Collectively, these statements suggest the possibility that the other JCPOA parties may “muddle through”
without U.S. participation, with Iran continuing to adhere to its nuclear commitments and countries other
than the United States, and in particular the European Union and its members, continuing to provide
Ultimately, however, the viability of that path, and the risks faced by non-U.S. companies considering
whether to continue to do business with Iran under the JCPOA, will depend on how aggressively the
United States is willing to enforce the secondary sanctions that it is re-imposing. Initial signals in that
regard suggest that the re-imposition of sanctions will not be merely cosmetic.
President Trump himself
stated that the United States “will be instituting the highest level of economic sanction,” and that “[a]ny
nation that helps Iran in its quest for nuclear weapons could also be strongly sanctioned.” OFAC
indicated in its published guidance that the United States intends to resume efforts to reduce Iran’s crude
oil sales. (FAQ 5.1)
These efforts will be backed by the potential threat of correspondent account
sanctions targeting foreign financial institutions and central banks under section 1245(d) of the 2012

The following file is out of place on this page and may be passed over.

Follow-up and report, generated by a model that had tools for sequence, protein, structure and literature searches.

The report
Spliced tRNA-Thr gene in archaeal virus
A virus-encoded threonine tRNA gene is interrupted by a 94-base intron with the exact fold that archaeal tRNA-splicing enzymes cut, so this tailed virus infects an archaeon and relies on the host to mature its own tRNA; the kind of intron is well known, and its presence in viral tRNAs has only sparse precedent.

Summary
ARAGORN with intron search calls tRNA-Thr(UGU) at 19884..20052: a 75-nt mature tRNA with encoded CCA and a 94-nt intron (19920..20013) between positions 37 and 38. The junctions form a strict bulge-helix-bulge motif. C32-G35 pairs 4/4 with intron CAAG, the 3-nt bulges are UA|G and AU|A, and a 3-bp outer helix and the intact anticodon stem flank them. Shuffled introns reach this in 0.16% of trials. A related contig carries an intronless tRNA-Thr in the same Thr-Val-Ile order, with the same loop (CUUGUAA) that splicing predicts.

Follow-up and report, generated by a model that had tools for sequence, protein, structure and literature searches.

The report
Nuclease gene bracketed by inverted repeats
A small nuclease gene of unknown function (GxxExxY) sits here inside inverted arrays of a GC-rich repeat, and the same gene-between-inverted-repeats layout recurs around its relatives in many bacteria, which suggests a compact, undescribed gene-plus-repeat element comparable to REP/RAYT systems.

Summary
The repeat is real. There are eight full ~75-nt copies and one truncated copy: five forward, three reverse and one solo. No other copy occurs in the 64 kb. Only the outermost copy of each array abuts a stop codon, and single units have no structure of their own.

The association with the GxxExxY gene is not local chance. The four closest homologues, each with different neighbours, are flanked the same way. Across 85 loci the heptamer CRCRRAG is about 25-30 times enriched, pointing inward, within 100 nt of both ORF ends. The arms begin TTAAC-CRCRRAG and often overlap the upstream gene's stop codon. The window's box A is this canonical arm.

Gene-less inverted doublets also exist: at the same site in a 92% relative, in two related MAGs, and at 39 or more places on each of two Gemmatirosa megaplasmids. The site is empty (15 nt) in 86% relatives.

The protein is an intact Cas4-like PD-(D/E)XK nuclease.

NDAA once the 180-day wind-down period applicable to sanctions under that authority has ended,
subject to exceptions from such sanctions for countries determined by the State Department to have
significantly reduced purchases of crude oil from Iran. (FAQ 5.2).
Richard Grenell, the U.S. Ambassador
to Germany, tweeted a warning that “German companies doing business in Iran should wind down
operations immediately,” although other State Department officials speaking at a background briefing
for press were more measured, indicating that the United States would seek cooperation with secondary
sanctions through engagement in the first instance, rather than enforcement. It remains to be seen
whether these words will be backed up by actions, particularly in the face of diplomatic resistance and
potential countermeasures by U.S. allies and partners.